How are you involved in the Indie scene?
CC: I try to make myself heard through diverse channels, my music can be found in various places on the net. I have also done some local “publicity stunts” here in my home town. (Even as a Santa…) As part of WEATNU records, I agree with Almark’s vision that everyone deserves to be heard. If there’s any quality there, it should eventually be discovered, one hopes.
What is happening in the music scene around your area of Sweden?
CC: Well… I think the best place to be here in Sweden is probably Stockholm, our capital, or another of the major cities. That is not the case for me, I like country living so I try my best from here… Cowboy style…Yeeehaw!
Are you playing live or do you wish to online, perhaps through our label?
CC: So far, City Cowboy hasn’t done any live performances at all. That would take some practical arrangements so to speak. But who knows in the future?
You just released new music, would you like to talk about that or something you might be working at the moment?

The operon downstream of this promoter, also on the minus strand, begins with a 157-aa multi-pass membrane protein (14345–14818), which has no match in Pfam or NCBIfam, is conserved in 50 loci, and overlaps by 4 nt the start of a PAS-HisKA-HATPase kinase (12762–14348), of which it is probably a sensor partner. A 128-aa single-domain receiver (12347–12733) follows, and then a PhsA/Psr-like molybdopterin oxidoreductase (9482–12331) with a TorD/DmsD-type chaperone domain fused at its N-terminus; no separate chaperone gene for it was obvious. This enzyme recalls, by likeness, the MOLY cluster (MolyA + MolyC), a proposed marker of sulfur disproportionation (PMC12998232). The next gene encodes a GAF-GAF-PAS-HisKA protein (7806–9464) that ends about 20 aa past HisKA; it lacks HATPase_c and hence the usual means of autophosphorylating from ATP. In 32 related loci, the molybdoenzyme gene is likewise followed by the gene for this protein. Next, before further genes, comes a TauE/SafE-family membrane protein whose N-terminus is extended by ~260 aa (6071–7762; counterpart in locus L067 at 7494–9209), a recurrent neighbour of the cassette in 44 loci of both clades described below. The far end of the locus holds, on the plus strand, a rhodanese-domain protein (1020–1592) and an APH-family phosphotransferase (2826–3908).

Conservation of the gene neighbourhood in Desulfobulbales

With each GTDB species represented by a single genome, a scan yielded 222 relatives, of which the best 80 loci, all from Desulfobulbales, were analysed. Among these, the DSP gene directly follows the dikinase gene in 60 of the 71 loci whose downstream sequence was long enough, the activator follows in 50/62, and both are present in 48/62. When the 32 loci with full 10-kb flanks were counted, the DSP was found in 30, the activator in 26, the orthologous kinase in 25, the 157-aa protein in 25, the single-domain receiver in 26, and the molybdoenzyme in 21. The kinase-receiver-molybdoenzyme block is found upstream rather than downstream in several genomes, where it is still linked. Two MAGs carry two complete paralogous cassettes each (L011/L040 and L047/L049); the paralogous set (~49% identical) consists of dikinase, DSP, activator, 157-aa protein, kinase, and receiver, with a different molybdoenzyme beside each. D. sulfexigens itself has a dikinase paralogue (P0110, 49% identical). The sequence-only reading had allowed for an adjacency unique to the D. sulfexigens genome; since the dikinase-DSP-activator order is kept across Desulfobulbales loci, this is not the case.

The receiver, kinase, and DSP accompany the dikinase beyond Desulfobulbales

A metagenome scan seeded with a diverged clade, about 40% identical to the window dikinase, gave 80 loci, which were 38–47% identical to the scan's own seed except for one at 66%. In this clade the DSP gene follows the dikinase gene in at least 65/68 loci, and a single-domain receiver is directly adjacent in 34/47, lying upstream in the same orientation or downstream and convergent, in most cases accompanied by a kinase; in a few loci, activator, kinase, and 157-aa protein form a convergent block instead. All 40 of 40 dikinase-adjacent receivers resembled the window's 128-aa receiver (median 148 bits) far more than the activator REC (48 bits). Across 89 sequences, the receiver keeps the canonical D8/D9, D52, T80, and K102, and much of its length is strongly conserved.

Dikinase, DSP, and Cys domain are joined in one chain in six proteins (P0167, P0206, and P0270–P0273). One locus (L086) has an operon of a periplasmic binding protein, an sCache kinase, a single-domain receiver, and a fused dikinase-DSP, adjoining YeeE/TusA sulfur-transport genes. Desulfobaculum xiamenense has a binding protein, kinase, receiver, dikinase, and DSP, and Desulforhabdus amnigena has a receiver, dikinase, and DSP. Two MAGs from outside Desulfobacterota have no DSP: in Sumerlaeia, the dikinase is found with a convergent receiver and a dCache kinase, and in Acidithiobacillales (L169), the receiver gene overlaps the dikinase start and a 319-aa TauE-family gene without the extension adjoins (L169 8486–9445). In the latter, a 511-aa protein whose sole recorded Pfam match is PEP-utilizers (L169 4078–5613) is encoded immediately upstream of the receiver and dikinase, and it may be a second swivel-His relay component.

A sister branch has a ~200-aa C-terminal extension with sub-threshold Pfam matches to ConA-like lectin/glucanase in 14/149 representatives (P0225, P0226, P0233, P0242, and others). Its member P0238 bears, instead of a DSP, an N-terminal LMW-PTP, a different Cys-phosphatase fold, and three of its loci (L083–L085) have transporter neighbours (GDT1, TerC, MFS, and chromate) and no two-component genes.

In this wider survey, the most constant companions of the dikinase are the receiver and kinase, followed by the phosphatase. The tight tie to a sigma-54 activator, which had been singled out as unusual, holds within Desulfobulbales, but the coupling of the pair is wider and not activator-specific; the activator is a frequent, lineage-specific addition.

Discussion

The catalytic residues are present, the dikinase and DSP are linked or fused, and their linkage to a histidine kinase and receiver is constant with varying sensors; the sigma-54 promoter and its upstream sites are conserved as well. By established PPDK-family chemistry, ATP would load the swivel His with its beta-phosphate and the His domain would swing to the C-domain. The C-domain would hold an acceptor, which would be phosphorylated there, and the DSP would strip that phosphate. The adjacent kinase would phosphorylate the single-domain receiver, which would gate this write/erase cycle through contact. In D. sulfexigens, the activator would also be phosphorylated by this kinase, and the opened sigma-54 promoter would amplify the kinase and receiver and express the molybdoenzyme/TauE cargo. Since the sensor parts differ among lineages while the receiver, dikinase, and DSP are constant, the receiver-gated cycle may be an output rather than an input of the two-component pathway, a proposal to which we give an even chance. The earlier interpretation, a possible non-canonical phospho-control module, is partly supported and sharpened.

CC: My latest release is called “Down the Aisle” and it’s a bouncy, happy track celebrating love and marriage. As a Christian, I do believe that marriage is the highest form of union between two people. Something to cherish these days. For this Christmas I plan to make my version of the medieval song Veni Immanuel available to my fans. It’s an absolutely delightful song and I chose to do the lyrics all in Latin. So beautiful. I hope folks will appreciate it and that they won’t think my interpretation of it is too modern.
Are you working professionally or for the love of music?
CC: Well, this “ol’ cowboy” has a regular day job and does his musical cowboying in his freetime! What I would really like is for the whole world to listen to my music. To really have people’s attention! The best thing is when I get a personal message or mail from someone who has been touched by one of my songs. It happens now and then.